Video / Writers Tips

More advice given to me by my mentor, Karrie Fransman, for writers looking to transfer their skills to Graphic Fiction from other mediums.

The script should inspire the artists with the strength of the story and ideas, whilst not going as far as telling them HOW to draw the panels. The artists will be much more excited about the project if they can explore their creative vision too. This will result in a better finished piece.

There are lots of resources (including links to free script writing software) on comic book writer Antony Johnston’s website:

Follow the project on Twitter, Facebook, Instagram and Tumblr or visit the project website for more information.

Image credit – Wikihow

Diary / Video

Update from week 3 at the castle!

I went out with the Head Ranger and got some fantastic material, not just for this project but inspiration for future work too.

There is no substitute for learning directly from an expert when researching a story. By spending time with different members of the National Trust staff here at Scotney Castle, I have been able to discover some very specific details that I would not be able to find in books or online.

Being able to bring such intricate detail to a story will help to create a much richer story-world, and more well-rounded, believable characters.



Old clay pit @nationaltrust’s Scotney Castle. Now benefitting #wildlife diversity
#writingresidency #acesupported #nationaltrust #castleinengland #scotneycastle #claypit #wildlife #nature #writersofinstagram #kent #weald


Scotney Castle is an English country house with formal gardens south-east of Lamberhurst in the valley of the River Bewl in Kent, England. It belongs to the National Trust.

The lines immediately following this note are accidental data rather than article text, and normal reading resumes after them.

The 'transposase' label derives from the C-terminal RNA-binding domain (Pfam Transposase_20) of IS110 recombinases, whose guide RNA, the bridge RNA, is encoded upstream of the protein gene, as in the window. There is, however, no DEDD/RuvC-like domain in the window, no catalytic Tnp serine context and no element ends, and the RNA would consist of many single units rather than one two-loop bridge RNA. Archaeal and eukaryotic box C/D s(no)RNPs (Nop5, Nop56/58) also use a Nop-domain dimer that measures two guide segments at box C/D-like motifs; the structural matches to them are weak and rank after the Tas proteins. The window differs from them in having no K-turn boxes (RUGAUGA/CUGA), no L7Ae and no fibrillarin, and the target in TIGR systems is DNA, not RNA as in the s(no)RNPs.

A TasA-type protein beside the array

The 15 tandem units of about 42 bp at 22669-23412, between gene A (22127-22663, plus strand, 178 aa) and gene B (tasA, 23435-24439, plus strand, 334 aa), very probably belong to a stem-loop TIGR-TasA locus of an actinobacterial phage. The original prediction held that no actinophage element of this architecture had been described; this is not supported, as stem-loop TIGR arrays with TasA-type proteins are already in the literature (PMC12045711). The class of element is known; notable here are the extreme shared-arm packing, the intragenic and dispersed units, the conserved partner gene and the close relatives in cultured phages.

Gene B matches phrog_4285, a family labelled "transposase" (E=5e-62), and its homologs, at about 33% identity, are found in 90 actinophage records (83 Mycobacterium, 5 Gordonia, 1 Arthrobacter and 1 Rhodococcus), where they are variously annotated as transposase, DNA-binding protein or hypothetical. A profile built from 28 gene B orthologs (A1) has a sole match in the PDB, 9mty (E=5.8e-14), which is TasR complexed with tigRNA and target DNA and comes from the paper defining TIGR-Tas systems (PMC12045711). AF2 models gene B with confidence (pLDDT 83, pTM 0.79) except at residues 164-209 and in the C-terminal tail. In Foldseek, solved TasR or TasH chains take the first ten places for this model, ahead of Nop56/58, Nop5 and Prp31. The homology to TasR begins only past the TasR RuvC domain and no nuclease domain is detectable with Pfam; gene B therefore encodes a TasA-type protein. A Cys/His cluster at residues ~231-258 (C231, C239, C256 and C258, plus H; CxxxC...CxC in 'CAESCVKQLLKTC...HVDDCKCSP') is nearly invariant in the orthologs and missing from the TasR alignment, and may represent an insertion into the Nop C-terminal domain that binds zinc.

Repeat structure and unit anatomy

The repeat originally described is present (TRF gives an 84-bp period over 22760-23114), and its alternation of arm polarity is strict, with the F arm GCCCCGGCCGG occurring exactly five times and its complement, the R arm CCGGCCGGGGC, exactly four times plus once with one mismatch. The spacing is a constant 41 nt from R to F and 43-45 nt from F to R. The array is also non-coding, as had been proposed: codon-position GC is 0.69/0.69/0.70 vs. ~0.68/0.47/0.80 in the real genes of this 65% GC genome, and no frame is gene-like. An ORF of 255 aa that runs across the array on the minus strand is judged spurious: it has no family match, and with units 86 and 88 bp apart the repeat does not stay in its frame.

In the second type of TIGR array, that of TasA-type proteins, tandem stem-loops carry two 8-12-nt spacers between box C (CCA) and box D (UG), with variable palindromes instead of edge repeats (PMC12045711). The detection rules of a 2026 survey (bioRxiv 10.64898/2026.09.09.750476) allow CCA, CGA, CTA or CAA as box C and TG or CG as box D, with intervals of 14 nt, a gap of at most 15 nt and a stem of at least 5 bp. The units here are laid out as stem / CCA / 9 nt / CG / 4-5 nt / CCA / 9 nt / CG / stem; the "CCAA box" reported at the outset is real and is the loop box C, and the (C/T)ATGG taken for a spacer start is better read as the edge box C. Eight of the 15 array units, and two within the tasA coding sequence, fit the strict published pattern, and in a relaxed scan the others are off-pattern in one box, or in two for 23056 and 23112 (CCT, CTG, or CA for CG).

The gardens, which are a celebrated example of the Picturesque style, are open to the public. The central feature is the ruins of a medieval, moated manor house, Scotney Old Castle, which is on an island on a small lake. The lake is surrounded by sloping, wooded gardens with fine collections of rhododendrons, azaleas and kalmia for spring colour, summer wisteria and roses, and spectacular autumn colour.

At the top of the garden stands a house which was built to replace the Old Castle between 1835 and 1843. This is known as Scotney New Castle, or simply Scotney Castle, and was designed by Anthony Salvin. It is an early, and unusually restrained, example of Tudor Revival architectural style in 19th century Britain. Following the death of the resident, Elizabeth Hussey, in 2006, this house was opened to the public for the first time on 6 June 2007.[1]

Extract from Wikipedia.



Classic cartoon #illustration gifted to the family who lived @scotneycastlent by the author himself. There are several Osbert Lancaster illustrations here, he seems to have been a friend of the family.
#osbertlancaster #castleinengland #nationaltrust #scotneycastle #cartoonist #illustrator #classiccartoons #acesupported #writingresidency #writersofinstagram

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